I knew I was going to major in psychological science since my junior year of high school. Despite being interested in almost everything I have ever learned, I had an inexplicable connection to this field. I love how psychology seeks to understand the mysteries of humans and how humans can be the best versions of themselves. I was especially interested in helping people with psychological disorders, and came to college with the intention of becoming a psychiatrist.
I took my first psychological science class the spring semester of my freshman year and have been working my way through the major ever since. My favorite class, not surprisingly, has been Psychological Disorders. This class has been the most applicable to my career interests and reinforced my desire to work in healthcare. I also have taken advantage of the research labs available in the Psychological Science Department. I currently am a member of two different labs, and I have contributed to research on monogamy, health behavior messages, stigma and child development, amongst other topics. Conducting research allows me to explore my interests, while contributing to the knowledge base of psychological science.
Even though I’m still interested in psychiatry, being pre-health has opened my eyes to other paths available to me in medicine. I am currently unsure of which path I will choose, but I know that my undergraduate studies in psychological science will positively influence the way I practice medicine. Studying psychological science has taught me to appreciate the complexities of humans and to uphold a holistic view of health. In whatever career path I choose, I hope to help people at the intersection of both mental health and physical health.
Tanya Shah ’21
My first semester at Pomona, I took an Introduction to Psychological Science class on a whim, just to see what it would be like. I had never studied psychology before, and I was fascinated with the concepts we learned in that class. This made me take another class in Psychological Science, and then another, and so many more until I realized I was in love with the subject. I was soon diving into Clinical Psychology, Cognitive Psychology, Social Psychology and learning from and amongst some of the most brilliant and inspiring people I know. Each class left me with more questions and a greater curiosity to find the answers.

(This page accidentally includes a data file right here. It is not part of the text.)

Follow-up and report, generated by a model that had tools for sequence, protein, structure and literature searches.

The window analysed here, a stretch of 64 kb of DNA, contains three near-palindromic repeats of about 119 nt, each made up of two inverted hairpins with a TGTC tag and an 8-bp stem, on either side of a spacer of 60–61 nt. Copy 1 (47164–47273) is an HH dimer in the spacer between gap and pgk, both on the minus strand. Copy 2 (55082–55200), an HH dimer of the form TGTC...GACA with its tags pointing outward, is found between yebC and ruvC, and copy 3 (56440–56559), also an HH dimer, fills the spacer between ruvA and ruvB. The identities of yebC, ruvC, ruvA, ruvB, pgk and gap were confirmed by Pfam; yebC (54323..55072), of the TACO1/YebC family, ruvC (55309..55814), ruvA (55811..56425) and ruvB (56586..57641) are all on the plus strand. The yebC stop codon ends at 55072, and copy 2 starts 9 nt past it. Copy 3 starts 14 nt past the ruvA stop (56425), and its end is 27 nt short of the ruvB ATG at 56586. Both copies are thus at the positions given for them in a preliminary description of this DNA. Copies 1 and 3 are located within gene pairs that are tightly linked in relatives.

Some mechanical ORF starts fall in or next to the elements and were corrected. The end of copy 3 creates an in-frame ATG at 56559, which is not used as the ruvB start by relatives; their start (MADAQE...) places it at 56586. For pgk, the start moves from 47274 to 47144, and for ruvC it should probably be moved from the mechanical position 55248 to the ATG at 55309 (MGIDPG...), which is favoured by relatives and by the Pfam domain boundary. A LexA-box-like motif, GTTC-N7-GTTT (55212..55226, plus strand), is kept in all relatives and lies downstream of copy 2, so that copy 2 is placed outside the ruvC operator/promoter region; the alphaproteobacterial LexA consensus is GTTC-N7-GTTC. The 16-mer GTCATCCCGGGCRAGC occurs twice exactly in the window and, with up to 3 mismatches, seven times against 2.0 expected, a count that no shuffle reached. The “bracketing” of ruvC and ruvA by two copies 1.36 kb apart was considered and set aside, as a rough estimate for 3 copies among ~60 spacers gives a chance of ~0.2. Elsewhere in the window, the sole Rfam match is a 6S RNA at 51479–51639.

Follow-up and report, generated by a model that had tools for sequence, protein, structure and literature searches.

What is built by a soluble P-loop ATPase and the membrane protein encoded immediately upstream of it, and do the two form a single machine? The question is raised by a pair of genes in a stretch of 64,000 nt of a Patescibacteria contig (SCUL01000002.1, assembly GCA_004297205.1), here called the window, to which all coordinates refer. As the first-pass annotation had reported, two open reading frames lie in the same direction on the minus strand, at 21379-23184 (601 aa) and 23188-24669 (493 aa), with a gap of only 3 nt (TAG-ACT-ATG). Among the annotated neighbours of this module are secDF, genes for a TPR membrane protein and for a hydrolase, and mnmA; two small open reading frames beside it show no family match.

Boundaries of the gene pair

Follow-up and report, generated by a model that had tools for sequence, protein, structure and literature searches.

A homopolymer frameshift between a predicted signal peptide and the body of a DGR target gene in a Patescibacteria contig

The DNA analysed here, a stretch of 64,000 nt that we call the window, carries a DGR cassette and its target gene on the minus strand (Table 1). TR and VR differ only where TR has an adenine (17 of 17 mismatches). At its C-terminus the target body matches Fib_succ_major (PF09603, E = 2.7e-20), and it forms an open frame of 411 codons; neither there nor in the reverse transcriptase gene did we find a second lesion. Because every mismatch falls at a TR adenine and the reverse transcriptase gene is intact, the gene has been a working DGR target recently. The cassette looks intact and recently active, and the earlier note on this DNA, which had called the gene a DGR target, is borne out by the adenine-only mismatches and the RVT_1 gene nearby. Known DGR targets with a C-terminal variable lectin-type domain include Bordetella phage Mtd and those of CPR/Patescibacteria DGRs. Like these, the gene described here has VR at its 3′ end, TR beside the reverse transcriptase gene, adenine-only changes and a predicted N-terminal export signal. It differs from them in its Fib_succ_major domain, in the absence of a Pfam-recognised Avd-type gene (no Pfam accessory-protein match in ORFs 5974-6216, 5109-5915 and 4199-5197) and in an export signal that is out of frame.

The Psychological Science Department has given me several opportunities to do interesting and meaningful research in labs during the semester, and also over the summer. Through the Summer Undergraduate Research Program (SURP), I explored the psychology behind mental health stigma in India, and I hope to continue that research in my senior thesis.
I like to spread my enthusiasm with other students by mentoring for Psychological Science classes. I was also recently given the chance to be a liaison for the department and this position has already brought me even closer to the tight-knit psychology community here. After Pomona, I hope to go to graduate school to study clinical psychology, and delve into research relating to mental health stigma, and psychological and personality disorders. My eventual goal is to become a practicing clinical psychologist. My parents joke about how I should be able to read people’s minds by now, hopefully they’ll cover that in graduate school?